Financial institutions’ role in lending to domestic banks

December 30, 2022 | 12:09
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The Vietnamese banking system has had to contend with a myriad of internal and external factors in 2022. Andrew Jeffries, country director of the Asian Development Bank in Vietnam, told VIR’s Hong Dung about the current liquidity situation and explained how businesses can access loans from major financial institutions.

In the context of Vietnamese banking liquidity being quite tense at the present, do you think liquidity constraints lead banks to rush into borrowing from foreign financial institutions?

Financial institutions’ role in lending to domestic banks
Andrew Jeffries, country director of the Asian Development Bank in Vietnam

We know there have been increased liquidity demands in Vietnam’s market. The banks have sought the State Bank of Vietnam (SBV) to increase credit in response to what is going on. However, we do not at this time have any fundamental systemic concerns about the safety and soundness of Vietnam’s bank system.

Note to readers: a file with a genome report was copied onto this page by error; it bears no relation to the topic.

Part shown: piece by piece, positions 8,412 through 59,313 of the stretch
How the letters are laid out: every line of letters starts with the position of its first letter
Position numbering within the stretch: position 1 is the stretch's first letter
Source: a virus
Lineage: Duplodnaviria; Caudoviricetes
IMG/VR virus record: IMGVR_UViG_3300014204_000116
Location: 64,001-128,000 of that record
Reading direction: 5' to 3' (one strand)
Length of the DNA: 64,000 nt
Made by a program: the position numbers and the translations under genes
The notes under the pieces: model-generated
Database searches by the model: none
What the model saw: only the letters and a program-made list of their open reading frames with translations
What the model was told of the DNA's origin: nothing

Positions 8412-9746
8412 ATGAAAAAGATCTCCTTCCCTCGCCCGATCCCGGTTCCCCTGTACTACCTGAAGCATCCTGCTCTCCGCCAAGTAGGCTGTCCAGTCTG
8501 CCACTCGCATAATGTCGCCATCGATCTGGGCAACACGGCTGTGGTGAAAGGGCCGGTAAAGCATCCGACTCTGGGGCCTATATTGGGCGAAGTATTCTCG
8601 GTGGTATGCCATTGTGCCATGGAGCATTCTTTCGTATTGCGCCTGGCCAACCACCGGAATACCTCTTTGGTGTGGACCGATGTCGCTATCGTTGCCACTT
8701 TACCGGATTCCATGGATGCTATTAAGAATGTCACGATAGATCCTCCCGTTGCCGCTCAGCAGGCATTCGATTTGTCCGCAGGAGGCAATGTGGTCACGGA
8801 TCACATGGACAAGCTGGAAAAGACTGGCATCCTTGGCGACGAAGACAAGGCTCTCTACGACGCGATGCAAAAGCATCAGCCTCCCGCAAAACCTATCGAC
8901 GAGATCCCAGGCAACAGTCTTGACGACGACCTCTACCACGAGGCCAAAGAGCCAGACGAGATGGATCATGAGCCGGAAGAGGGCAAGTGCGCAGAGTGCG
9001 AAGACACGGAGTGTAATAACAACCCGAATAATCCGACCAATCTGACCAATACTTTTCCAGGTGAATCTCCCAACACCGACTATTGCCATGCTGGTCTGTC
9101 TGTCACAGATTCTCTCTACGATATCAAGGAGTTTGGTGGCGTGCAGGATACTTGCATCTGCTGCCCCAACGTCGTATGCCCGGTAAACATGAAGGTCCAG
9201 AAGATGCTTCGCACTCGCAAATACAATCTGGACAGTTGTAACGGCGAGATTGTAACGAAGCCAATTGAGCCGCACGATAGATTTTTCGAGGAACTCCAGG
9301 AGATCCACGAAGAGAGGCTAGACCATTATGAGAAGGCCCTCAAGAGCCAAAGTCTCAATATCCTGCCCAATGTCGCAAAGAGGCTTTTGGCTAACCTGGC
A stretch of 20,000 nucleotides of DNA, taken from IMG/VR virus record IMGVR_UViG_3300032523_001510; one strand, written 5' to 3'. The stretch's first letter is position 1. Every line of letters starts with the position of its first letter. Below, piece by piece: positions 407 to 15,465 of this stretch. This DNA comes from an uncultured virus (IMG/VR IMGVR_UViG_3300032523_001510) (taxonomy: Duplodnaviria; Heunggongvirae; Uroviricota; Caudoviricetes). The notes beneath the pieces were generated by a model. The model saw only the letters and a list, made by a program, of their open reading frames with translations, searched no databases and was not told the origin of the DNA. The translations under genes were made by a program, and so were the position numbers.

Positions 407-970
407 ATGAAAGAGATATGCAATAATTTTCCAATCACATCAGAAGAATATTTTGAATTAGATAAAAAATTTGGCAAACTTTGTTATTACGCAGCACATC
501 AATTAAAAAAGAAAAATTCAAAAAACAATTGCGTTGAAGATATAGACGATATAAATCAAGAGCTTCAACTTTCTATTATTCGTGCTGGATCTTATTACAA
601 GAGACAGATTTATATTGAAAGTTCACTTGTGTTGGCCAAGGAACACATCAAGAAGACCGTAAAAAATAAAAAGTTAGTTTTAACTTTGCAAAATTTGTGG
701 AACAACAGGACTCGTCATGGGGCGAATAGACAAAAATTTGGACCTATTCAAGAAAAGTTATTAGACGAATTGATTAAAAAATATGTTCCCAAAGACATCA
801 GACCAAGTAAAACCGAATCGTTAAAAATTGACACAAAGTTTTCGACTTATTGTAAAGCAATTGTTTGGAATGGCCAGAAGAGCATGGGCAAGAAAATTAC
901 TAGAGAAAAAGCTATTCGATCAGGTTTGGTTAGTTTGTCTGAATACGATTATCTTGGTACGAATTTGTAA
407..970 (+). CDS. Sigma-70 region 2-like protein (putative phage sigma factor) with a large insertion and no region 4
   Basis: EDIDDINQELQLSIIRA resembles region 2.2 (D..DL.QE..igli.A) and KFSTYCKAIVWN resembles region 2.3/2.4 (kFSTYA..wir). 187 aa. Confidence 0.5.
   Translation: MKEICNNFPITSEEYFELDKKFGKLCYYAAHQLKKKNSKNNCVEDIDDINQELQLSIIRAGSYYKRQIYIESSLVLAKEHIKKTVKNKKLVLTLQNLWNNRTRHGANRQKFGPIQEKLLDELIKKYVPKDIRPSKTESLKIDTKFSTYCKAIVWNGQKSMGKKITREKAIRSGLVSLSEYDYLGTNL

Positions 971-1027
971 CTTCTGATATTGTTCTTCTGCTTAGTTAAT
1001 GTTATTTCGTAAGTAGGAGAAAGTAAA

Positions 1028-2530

It’s important to see this current demand for liquidity in the global context, where liquidity has tightened in many markets around the world in response to aggressive interest rate increases by the US Federal Reserve and by many other central banks to curb inflation. And the SBV is no exception – it had to raise policy rates twice since the beginning of the year. So, that caused liquidity concerns and tightening globally. This is not just a Vietnam-specific issue.

What criteria must Vietnamese banks meet to be able to borrow capital from international financial institutions?

We consider a number of factors. First and foremost is that the bank has to be credit-worthy, so we evaluate their repayment capacity and the strength of their underlying assets. Our loans to banks are non-sovereign, so there’s no government guarantee behind them. So creditworthiness is the primary consideration.

Secondly, we want to work with banks that align with our development priorities. More specifically, we consider how the proceeds will be used, because of our being a development bank and not a commercially oriented bank. Our purpose for being in Vietnam is not to make a profit as we are a non-profit bank. Our aim is to promote the socio-economic development in Vietnam.

We like to fund activities that have a wider social development angle to them. More specifically, the use of proceeds for purposes such as green infrastructure, and supporting small- and medium-sized enterprises, enterprises that were disproportionately affected by the pandemic.